The reason why he left is particularly relevant to today’s consciousness pioneers. He states clearly that he had no quarrel with the Church or with any individual within the Church, nor was the decision to leave motivated by the lure of another way of life. Indeed, “I had everything to lose and nothing temporal to gain in leaving my order and, in natural consequence, the church.” Nor was it anything he consciously intended. Nonetheless, something had happened that made it impossible for him to continue in the path that he had thought would last him his lifetime.

Tettemer – Father Ildefonso – had been a diligent student and teacher, and was well versed in philosophy and theology and such subjects. But, as he says:

“It was a fact that, up to the age of forty, I was never once to bring any question nakedly before my native mind, asking myself what I really thought about it. I accepted unquestioningly the traditions of the past, the beliefs of my forefathers and my teachers, and the philosophy best suited to ready-made, accepted traditions. Naturally I imagined I was thinking profoundly, going to the very foundations of human knowledge. Actually I was interpreting life and my experience, not in my own idiom, but in the terms of the thought and belief of others.”

This is not unusual, in any walk of life, in any branch of study, but it had consequences.

“I have often found wisdom in the unlearned, often missed it in the scholar. It is a thing of the soul, not of the mind. With it a man is alive and grows; without it he is still in the womb of nature waiting to be born. Like the fruit of the tree, I think it comes from the abundant flow of life through us. Opening ourselves fully to the life and the joy and the sorrows of today brings that unfolding which makes it possible for God to reveal himself the more, day by day. Closing our minds and hearts to life, to truth, beauty, and love, cuts off the sunshine and the growth and fruition of our being.”

Apparently, as long as he was leading a busy life, he did not suspect that his beliefs – shall we call them surface beliefs? – were the reflections of what he had been taught, rather than truths welling up from within. But unbeknown to him, his years of teaching – contending with students as well as with books – were sowing “seeds of doubt in the power of our minds to know ultimate truth, and doubt in the validity of all known systems of philosophy.”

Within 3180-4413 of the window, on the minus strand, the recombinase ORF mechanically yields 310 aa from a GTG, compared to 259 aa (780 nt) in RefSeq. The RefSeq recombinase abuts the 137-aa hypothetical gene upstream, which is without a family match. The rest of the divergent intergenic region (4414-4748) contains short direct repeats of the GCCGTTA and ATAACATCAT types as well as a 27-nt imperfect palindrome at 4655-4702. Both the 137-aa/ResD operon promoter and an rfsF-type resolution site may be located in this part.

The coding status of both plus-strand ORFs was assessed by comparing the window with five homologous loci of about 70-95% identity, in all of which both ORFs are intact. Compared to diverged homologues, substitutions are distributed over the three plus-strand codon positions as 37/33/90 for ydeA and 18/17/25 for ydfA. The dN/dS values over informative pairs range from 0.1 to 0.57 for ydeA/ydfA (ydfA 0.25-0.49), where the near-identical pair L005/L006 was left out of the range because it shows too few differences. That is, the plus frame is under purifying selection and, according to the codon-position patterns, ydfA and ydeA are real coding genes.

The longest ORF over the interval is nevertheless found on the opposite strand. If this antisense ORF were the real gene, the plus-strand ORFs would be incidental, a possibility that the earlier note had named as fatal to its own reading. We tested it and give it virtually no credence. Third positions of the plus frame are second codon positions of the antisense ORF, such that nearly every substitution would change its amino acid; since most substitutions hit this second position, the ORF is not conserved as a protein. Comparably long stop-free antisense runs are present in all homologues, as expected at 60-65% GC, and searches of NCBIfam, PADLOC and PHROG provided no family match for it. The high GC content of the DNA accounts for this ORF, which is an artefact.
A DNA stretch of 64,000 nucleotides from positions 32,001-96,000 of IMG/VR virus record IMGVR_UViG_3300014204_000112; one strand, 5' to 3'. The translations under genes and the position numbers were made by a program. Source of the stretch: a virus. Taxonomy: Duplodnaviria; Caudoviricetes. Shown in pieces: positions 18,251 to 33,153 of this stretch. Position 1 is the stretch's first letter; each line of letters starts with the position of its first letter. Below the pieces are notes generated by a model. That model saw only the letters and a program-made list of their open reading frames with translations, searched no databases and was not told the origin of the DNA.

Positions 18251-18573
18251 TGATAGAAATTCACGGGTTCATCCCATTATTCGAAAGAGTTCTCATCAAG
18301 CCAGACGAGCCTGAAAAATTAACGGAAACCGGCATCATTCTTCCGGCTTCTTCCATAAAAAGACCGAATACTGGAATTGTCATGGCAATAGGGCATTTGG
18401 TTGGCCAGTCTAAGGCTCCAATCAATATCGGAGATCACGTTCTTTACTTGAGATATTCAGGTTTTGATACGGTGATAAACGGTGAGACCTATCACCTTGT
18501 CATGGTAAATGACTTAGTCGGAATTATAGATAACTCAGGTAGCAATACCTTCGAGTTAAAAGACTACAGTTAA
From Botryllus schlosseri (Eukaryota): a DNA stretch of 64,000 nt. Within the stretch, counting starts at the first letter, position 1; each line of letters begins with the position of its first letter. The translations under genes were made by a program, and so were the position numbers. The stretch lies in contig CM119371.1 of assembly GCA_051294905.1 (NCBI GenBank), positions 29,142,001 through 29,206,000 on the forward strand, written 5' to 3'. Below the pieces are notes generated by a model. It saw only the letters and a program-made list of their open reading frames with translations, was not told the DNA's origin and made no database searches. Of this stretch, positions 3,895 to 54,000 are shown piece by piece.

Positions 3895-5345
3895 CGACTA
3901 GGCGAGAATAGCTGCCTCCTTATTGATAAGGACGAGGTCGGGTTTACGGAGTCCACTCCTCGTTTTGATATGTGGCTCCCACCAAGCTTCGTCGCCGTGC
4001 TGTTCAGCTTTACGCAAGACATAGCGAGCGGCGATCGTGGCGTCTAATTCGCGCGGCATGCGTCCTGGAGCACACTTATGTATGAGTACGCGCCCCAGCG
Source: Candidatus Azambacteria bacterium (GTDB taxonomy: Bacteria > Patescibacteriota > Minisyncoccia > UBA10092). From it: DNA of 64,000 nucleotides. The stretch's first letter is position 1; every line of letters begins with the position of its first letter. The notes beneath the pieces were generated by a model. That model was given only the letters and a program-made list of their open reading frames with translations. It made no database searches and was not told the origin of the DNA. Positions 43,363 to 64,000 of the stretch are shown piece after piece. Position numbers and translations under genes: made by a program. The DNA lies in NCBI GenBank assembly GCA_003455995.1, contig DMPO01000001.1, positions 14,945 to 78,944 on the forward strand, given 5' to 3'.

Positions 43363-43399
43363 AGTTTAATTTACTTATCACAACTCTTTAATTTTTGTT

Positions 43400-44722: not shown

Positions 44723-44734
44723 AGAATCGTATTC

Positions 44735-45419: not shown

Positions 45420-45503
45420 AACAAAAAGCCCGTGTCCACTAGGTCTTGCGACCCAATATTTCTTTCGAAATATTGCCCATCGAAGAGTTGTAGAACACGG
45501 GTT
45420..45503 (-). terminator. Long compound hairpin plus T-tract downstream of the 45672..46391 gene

Specifically, it was the doctrinal and philosophical clash between monism and dualism, a conflict of views as old as Aristotle and Plato, and probably a good deal older. The Church’s position is based in Aristotle, yet Father Ildefonso found himself drawn more toward the Platonist position. I am not going to try to reproduce his summary of the conflict: Such questions raise in me only a sort of impatience. Tettemer himself ultimately said:

“I came to look with insistent suspicion on cleverly fabricated systems of philosophy so neatly explaining the universe. The feeling grew in me that Aristotle, that giant of pure reason, and all his followers among the Scholastics, were building up their beautiful and intricate systems on the imperfect and insufficient basis of native human experience and much vaunted `common sense.’ Was not some other dimensional factor that eluded common sense being left out?”

The specific issue that led him, for the first time, to make up his own mind on a subject rather than accept the official Church position, had to do with what we would call psychic phenomena. The Church admitted the phenomena as genuine, but (in accord with its dualistic thinking) maintained that they had to be produced by supernatural agency; that is, they were either of God or of the Devil. Father Ildefonso, though, studied the evidence closely, and concluded “that diabolical agencies had nothing to do with them and that, on the contrary, they were the result of natural laws of which we knew little or nothing.” (As an example of his reasoning, he cited the fact that people placing their hands lightly on a table’s surface were able to lift a wooden table, even a heavy one, but never an iron table, however light.) This was important in that he here formed his own conclusions even though they were at variance with the judgment of the Church. This initial step led to others, for the authority of the Church depended upon “the supernatural character of the visions, the prophecies, and the miracles of the saints and even of Jesus himself,” and if that went –.

Which is not to join forces with those who attack the Catholic Church as superstitious or fraudulent or (of all charges!) intellectually shallow. I know that is a common assessment here, but America, which was colonized and founded as a Protestant outpost during the era of Europe’s religious wars, has rarely been able to see Catholicism clearly. Tettemer says: “If the human mind must accept some form of doctrinal belief or creed concerning Jesus Christ and his message to humanity, I think I should prefer the Catholic tradition as the most logical and consistent.” I agree, but the most important word in that sentence is the word “if.”